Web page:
Why, 12 years after I accepted my mother’s death and two years after she died, was I angry and blaming God for her illness? I still remembered the glorious way God told me of her death (See “Will of the Father, Will of the Child, Part II). The wonderful part of God’s answer was the certainty of the promise that I would be with her again, but the promise itself is actually extended to everyone. My step-father is also sealed to my mother and will be with her again, but he was healed from his cancer and his time on earth extended.
Instead of feeling like I had gained something, which is what I thought before, I felt that I had lost. I doubted myself again and wondered if there was something else I could have done. But when I looked back on it, I knew there was nothing else, I had done everything I could. Thus, it was God’s fault.
I also felt that God didn’t really care about my wishes. I wanted my mother healed, He said, “No.” I wanted to get married, He said, “Do this first.” I obeyed and did get married, but then the marriage twisted and became sour. I wanted children, the Lord said, “Later,” and when I fought, I was punished with intense exhaustion, frustration, and depression. I was always the one that had to wait. I was always the one that was wrong, or too impatient, too stupid to know what was really going on.
God’s love suddenly seemed manipulative and His will forceful. Instead of listening to me, He was twisting and pushing to see how long until I would crack. His tests were mean and unfair.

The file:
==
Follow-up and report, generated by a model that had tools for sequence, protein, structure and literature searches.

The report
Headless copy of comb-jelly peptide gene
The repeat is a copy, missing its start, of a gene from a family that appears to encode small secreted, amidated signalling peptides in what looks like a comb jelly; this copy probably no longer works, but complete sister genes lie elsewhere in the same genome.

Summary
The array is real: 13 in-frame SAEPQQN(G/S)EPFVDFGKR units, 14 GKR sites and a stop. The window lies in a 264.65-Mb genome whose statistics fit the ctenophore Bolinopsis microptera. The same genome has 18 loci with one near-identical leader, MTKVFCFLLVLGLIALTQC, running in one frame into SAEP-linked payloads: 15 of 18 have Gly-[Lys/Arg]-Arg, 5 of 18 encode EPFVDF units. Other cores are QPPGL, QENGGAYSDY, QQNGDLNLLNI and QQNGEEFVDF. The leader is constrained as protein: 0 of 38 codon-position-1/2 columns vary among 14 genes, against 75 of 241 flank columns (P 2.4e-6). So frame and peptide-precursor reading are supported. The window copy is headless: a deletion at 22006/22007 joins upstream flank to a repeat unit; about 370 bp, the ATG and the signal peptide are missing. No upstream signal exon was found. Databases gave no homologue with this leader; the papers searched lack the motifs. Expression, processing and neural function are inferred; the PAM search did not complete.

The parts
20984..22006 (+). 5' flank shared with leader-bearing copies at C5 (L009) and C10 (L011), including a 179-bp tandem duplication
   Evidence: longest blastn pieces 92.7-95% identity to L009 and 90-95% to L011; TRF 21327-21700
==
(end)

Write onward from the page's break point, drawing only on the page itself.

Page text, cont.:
After going to the temple and feeling His unconditional love (See “Welcome Back, I’ve Missed You”), I knew that He wasn’t insulting me and pushing me down, but I was still confused and hurting.
A few months after my trip to the temple, I was in a Sunday school class. We began with the story in 1 Kings chapter 18 where in Elijah challenges the priests of Baal to a sacrificial show down. He wanted to prove to the people that the idols were powerless and empty, whereas the God of Israel lived and used His power to answer the prayers of His people. When the priests of Baal set up their sacrifice and prayed to their idol for fire, there was no answer. When Elijah prayed over his sacrifice, including buckets of water poured over the fire wood, God sent fire from heaven and completely consumed the sacrifice. The people saw this, fell on their faces, and cried, “The Lord, He is God.”
In chapter 19, Elijah has fled to a cave in Horeb the mount of God. The Lord calls to Elijah and before the cave passes by a mighty wind, followed by an earthquake, followed by a fire, but the Lord was in none of these. After the fire came a still small voice. Only then did Elijah go to the mouth of the cave to hear the Lord.
As we discussed this story, which I had heard many times, I thought, What do you mean, you’re not in the fire? One chapter ago, you literally made a fire to prove your existence and your power. If you’re not in the fire, then why make the fire?